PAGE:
Racial Disparities in Maternal Health: Exploring Preeclampsia in Black Women

Racial Disparities in Maternal Health: Exploring Preeclampsia in Black Women

By: Maame Brako (Mommy Monitor's Youth Subcommittee)

On April 17, 2019, Beyoncé released her Coachella documentary, “Homecoming” on Netflix, giving viewers an intimate look into the months leading up to her iconic performance as the first Black Woman headliner of the renowned festival. In this documentary, she describes her “extremely difficult” pregnancy with twins, Rumi and Sir. In the film she says:

"I got pregnant unexpectedly and it ended up being twins, which was even more of a surprise. My body went through more than I knew it could… I was 218lbs the day I gave birth. I had an extremely difficult pregnancy. I had high blood pressure. I developed toxemia, preeclampsia, and in the womb, one of my babies’ heartbeat paused a few times, so I needed to get an emergency C-section."

During her pregnancy, Beyoncé developed a condition known as preeclampsia. According to The American College of Obstetricians and Gynecologists (ACOG), preeclampsia is “a serious blood pressure disorder that can affect all of the organs in a woman’s body” (ACOG, 2018). This condition is marked by high blood pressure and proteinuria (the presence of protein in the urine), and usually occurs late in pregnancy (after 20 weeks, typically in the third trimester). It is a leading cause of preterm birth, and maternal and infant illness and mortality.

Who is at (increased) risk & why?

Among the most significant risk factors for preeclampsia, which include family history of the condition, obesity, and chronic hypertension, is being a Black woman. Studies conducted in the United States, Canada, and the UK, have shown that across the board, Black women are more likely than white women and other ethnic groups to develop preeclampsia, as well as eclampsia. The exact reasons why are not entirely known. Some medical professionals suspect that it may be related to the higher rates of hypertension (high blood pressure) in Black women. However, in an article for Healthline, Dr. Elizabeth Howell, director of the Blavatnik Family Women’s Health Research Institute at the Icahn School of Medicine at Mount Sinai said:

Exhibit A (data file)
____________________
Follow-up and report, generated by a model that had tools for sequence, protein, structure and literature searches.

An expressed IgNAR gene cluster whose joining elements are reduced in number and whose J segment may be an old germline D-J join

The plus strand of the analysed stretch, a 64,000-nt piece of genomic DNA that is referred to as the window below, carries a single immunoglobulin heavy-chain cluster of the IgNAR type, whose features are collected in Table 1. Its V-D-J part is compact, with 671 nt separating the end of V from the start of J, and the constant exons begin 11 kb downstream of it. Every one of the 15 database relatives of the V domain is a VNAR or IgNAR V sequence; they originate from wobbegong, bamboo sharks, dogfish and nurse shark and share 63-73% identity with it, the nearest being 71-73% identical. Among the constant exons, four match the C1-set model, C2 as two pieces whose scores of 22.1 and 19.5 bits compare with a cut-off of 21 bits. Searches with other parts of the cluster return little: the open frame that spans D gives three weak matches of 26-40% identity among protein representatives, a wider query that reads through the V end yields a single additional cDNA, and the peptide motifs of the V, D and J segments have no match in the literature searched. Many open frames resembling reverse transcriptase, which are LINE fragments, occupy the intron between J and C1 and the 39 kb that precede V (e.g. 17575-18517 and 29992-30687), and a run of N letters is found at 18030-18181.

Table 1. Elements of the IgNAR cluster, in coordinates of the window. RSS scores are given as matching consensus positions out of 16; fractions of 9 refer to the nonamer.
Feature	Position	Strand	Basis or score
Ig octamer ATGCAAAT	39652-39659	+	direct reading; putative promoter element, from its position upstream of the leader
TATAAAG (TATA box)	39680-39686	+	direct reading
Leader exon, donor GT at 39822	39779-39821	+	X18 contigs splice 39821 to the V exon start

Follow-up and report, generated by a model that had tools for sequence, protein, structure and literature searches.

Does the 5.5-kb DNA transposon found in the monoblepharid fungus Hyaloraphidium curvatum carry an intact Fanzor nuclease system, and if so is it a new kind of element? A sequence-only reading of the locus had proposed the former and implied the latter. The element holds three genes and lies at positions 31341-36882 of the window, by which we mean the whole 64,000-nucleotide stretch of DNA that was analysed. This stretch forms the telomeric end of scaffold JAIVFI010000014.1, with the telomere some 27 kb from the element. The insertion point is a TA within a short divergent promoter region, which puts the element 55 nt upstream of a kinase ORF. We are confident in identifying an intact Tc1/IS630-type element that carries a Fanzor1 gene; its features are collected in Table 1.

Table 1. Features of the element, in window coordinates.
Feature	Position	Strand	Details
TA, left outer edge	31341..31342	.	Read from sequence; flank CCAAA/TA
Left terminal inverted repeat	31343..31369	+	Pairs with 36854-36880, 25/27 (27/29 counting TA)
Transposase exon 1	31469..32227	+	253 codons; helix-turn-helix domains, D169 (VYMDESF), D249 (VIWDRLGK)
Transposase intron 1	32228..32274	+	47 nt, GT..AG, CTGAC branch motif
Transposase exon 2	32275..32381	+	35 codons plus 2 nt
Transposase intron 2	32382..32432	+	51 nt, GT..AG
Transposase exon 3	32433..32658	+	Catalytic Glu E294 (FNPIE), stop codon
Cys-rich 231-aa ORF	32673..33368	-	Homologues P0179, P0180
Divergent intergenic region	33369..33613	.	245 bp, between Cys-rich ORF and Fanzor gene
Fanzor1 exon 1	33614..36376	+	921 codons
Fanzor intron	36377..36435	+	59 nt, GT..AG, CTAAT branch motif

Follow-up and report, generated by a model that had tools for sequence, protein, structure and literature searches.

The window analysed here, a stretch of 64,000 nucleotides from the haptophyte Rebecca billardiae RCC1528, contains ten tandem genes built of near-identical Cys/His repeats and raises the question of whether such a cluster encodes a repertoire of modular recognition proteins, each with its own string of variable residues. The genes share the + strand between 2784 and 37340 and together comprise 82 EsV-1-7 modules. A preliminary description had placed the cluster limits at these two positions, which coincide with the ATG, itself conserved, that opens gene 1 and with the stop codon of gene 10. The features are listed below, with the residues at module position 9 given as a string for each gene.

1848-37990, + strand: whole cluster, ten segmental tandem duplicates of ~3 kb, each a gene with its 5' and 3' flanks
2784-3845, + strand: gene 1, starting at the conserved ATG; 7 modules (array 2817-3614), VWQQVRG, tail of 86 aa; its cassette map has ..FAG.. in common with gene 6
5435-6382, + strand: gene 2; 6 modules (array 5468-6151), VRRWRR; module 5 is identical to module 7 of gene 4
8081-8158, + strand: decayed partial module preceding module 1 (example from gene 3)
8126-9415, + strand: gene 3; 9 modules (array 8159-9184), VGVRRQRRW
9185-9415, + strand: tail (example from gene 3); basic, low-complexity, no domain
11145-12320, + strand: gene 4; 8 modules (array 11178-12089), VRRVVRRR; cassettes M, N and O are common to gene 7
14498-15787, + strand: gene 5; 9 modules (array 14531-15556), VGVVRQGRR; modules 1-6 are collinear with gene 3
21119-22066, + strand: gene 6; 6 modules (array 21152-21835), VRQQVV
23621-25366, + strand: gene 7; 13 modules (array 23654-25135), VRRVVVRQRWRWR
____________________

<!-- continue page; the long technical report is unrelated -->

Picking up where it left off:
I wish I could tell you that if we just controlled women’s high blood pressure, we wouldn’t have these issues, but it’s much more complex. Patient-level factors, community neighbourhood factors, provider factors, and system factors — they all seem to contribute to these [racial and ethnic] disparities [in maternal health outcomes]. (Cruickshank, 2019, para. 3).

These factors can not only negatively impact the health and outcomes of Black women on an individual level, but can also impede their ability to access appropriate health information, and proper prenatal and antenatal care. However, this still might not be the full picture because interestingly, even when controlling for socioeconomic factors, these disparities continue to exist. After all, if Beyoncé and Serena Williams, two of the richest Black women in the world, can still endure complications surrounding pregnancy and childbirth, then how much more so the average Black woman?

There is a growing body of work that is pointing to the fact that systemic racism has a role to play in why Black women in particular, have worse outcomes. Ranging from racial biases that go unchecked in healthcare providers, impacting the quality of care they provide Black women, to a concept called “weathering”, coined by Arline Geronimus, a public health researcher and professor at the University of Michigan’s Population Studies Center. Taken directly from an edited version of an interview she held with the Code Switch podcast, she says:

"[…] What I’ve seen over the years of my research and lifetime is that the stressors that impact people of colour are chronic and repeated through their whole life course, and in fact may even be at their height in the young adult-through-middle-adult ages rather than in early life. And that increases a general health vulnerability — which is what weathering is."

Conversations about systemic racism and how they impact health need to be had, no matter how uncomfortable.

For now, women should arm themselves with knowledge regarding signs and symptoms, and consult with their physician to identify and address risk factors early, in order to lower the chances of adverse long-term effects for both mom and baby.

Links for further reading, if interested: